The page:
Snoopy would be proud
By Jim Poling
I have a new granddog. His name is Rusty and he is a rescued dog from Los Angeles.
Rusty was given up by his owners who kept a bunch of backyard dogs and he wasn’t well looked after. He had a recent scar on his head and had lost hair around one eye because of an infection.
He’s now a happy, well cared for and important member of my daughter’s family in the San Francisco area.
I don’t know much of Rusty’s history except that he escaped the fate of many dogs living in the Los Angeles area. Roughly 6,000 dogs are impounded in LA shelters every year. More than 1,000 are euthanized.
Statistics about impounded pets truly are amazing, and disturbing. In the United States 6.8 million pets are taken into shelters every year. Pets of all sorts, but the vast majority are dogs and cats. An estimated three to four million are euthanized every year.
A survey of Canadian animal shelters found that 46,000 dogs were impounded in 2013. The number of cats taken in was roughly double the total for dogs.
Almost one-half the dogs taken in were strays and just over one-third of the total were given up by their owners. Of the overall total, 17 per cent were puppies.
Of the 46,000 Canadian dogs taken in, 8,000 were euthanized. That’s 1,000 fewer than in 2012, which we would like to think is because more people are becoming involved in pet rescue organizations. There are no statistics to support this, but rescue efforts seem to be attracting more people willing to volunteer their time, and in some cases their money, to ensure that unwanted, abandoned or mistreated animals are given a chance for a new life.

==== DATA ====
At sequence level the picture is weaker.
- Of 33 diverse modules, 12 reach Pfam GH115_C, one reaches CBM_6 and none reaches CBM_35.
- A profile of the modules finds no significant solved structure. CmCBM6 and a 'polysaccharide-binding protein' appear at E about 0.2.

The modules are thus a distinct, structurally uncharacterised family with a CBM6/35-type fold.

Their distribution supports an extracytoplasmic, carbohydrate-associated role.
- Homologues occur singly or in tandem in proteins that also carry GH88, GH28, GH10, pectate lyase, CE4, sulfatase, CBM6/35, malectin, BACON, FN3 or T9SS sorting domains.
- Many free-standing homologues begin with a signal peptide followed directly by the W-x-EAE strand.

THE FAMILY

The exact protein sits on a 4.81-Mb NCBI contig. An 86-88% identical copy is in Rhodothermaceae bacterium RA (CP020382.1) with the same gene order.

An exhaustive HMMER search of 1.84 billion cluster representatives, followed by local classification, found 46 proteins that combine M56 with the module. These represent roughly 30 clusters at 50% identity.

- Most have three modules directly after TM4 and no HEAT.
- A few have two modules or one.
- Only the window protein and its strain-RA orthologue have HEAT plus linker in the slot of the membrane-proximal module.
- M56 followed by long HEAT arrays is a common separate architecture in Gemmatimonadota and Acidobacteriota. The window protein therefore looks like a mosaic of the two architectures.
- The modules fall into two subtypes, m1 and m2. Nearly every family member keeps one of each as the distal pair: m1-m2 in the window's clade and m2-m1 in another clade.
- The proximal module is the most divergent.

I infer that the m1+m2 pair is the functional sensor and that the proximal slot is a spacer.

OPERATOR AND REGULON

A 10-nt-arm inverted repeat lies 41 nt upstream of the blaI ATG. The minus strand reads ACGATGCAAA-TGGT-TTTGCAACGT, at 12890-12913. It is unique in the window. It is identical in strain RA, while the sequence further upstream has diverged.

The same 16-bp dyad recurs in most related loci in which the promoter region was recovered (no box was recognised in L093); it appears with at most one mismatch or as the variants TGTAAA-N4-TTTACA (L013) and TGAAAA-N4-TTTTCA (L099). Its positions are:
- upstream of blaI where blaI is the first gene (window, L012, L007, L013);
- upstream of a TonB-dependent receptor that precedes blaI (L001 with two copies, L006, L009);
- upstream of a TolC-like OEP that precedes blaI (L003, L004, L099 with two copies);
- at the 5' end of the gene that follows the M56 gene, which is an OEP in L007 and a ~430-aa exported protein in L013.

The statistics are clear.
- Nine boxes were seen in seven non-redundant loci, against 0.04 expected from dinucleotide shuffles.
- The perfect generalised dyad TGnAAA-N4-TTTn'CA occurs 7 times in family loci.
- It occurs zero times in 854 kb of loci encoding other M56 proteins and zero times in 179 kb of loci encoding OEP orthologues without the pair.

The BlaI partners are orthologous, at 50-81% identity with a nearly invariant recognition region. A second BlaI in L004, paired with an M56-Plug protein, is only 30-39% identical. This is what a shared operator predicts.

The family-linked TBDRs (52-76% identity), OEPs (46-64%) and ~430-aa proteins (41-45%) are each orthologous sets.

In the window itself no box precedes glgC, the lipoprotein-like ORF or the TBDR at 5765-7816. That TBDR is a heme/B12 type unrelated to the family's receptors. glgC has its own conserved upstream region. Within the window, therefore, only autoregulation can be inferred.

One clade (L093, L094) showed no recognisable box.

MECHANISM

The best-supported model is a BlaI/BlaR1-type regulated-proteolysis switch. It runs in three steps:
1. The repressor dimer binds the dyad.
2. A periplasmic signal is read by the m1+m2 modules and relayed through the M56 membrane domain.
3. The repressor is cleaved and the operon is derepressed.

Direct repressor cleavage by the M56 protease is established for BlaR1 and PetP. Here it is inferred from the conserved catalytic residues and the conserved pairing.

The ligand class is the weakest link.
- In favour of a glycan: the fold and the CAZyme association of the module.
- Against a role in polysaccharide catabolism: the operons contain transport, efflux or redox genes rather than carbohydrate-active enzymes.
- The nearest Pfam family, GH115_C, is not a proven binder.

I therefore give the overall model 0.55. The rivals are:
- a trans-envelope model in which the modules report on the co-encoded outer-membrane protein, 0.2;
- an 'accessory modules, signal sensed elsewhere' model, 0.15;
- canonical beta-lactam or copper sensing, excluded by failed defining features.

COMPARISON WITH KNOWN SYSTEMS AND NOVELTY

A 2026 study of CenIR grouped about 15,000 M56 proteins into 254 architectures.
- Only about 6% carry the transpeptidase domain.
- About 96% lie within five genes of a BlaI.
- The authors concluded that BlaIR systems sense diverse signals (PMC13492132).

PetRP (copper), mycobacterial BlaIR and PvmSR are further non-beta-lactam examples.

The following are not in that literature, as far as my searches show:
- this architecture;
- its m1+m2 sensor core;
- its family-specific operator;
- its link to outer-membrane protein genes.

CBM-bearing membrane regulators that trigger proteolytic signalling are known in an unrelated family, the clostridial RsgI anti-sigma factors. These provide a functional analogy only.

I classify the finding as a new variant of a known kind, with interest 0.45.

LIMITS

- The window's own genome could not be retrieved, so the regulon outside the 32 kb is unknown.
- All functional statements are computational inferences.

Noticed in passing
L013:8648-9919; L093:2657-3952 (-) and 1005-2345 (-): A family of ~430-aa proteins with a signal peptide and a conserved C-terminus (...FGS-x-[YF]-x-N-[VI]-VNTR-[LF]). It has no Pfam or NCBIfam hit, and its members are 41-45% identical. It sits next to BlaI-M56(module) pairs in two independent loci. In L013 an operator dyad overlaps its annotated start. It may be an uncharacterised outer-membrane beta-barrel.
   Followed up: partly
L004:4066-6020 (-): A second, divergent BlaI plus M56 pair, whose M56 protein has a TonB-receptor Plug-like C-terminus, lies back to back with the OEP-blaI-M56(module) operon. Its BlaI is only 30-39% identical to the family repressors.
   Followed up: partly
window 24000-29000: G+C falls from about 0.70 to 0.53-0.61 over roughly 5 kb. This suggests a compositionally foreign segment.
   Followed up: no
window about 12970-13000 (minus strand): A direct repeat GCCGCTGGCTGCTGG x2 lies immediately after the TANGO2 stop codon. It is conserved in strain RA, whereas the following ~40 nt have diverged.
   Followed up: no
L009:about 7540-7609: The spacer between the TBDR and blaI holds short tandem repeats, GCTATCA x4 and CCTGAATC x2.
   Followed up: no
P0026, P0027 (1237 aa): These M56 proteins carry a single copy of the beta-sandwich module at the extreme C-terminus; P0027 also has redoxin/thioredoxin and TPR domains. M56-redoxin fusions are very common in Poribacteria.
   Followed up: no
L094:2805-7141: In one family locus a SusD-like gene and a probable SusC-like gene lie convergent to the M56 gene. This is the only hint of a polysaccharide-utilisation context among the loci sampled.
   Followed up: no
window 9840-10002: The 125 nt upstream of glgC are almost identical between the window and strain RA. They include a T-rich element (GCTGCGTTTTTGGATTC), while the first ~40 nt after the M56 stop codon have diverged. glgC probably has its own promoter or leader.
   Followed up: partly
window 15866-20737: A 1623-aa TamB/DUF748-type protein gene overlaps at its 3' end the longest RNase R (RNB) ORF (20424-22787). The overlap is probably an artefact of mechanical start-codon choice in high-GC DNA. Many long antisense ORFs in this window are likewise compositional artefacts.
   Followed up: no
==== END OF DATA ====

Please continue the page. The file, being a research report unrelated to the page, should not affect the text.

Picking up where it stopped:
Two of the most interesting rescue organizations are California-based Wings of Rescue and Pilots N Paws, based in South Carolina. These are volunteer groups that recruit volunteer pilots and planes to relocate pets to areas where rescue groups are able to find them permanent homes.
Pilots N Paws has flown more than 15,000 dogs to new homes in the last two years and says it has relocated 75,000 over the last seven years.
Wings of Rescue says it has saved 5,000 dogs and cats and plans to rescue 7,000 more by the end of this year. Next week its Annual Holiday Airlift will fly 1,000 dogs and cats in 20 aircraft from Van Nuys general aviation airport in LA. The pets will be flown to various locations in the U.S., mainly on the west coast.
The flying rescues work well because there are overcrowded, high-kill shelters in some states like California. Yet other states like Oregon, Florida and New York need more pets to satisfy adoption demands.
For instance, Coeur d’Alene, Idaho has many retired people looking for smaller dogs which are easier to care for but hard to come by because of high demand. So the humane society there orders a planeload of dogs under 16 pounds every month to meet adoption demands.
Yehunda Netanel started Wings of Rescue as a lone pilot who rescued 300 dogs. The number of dogs Wings now flies has been doubling every year.
Pilots N Paws reports similar growth.
“We have seen the number of animals rescued go up every year since we started in 2008,” said Kate Quinn, executive director of Pilots N Paws, told the Associated Press.
“Pilots love a reason to fly,” Quinn says. “They love making these flights.”
Some people raise ethical questions about spending time, money and other resources on rescuing animals when so many humans are in distress. Why rescue dogs when millions of Syrians, and others are homeless?
Obviously there is no quick and easy answer to that question. Except to say that we all have a responsibility to help alleviate cruelty of all kinds in this world. And, not spending time and resources to stop cruelty to animals will not likely do much to stop cruelty against humans.
At any rate, my granddog Rusty is certainly happy that there are people volunteering their time and resources to help abused and abandoned dogs in Los Angeles.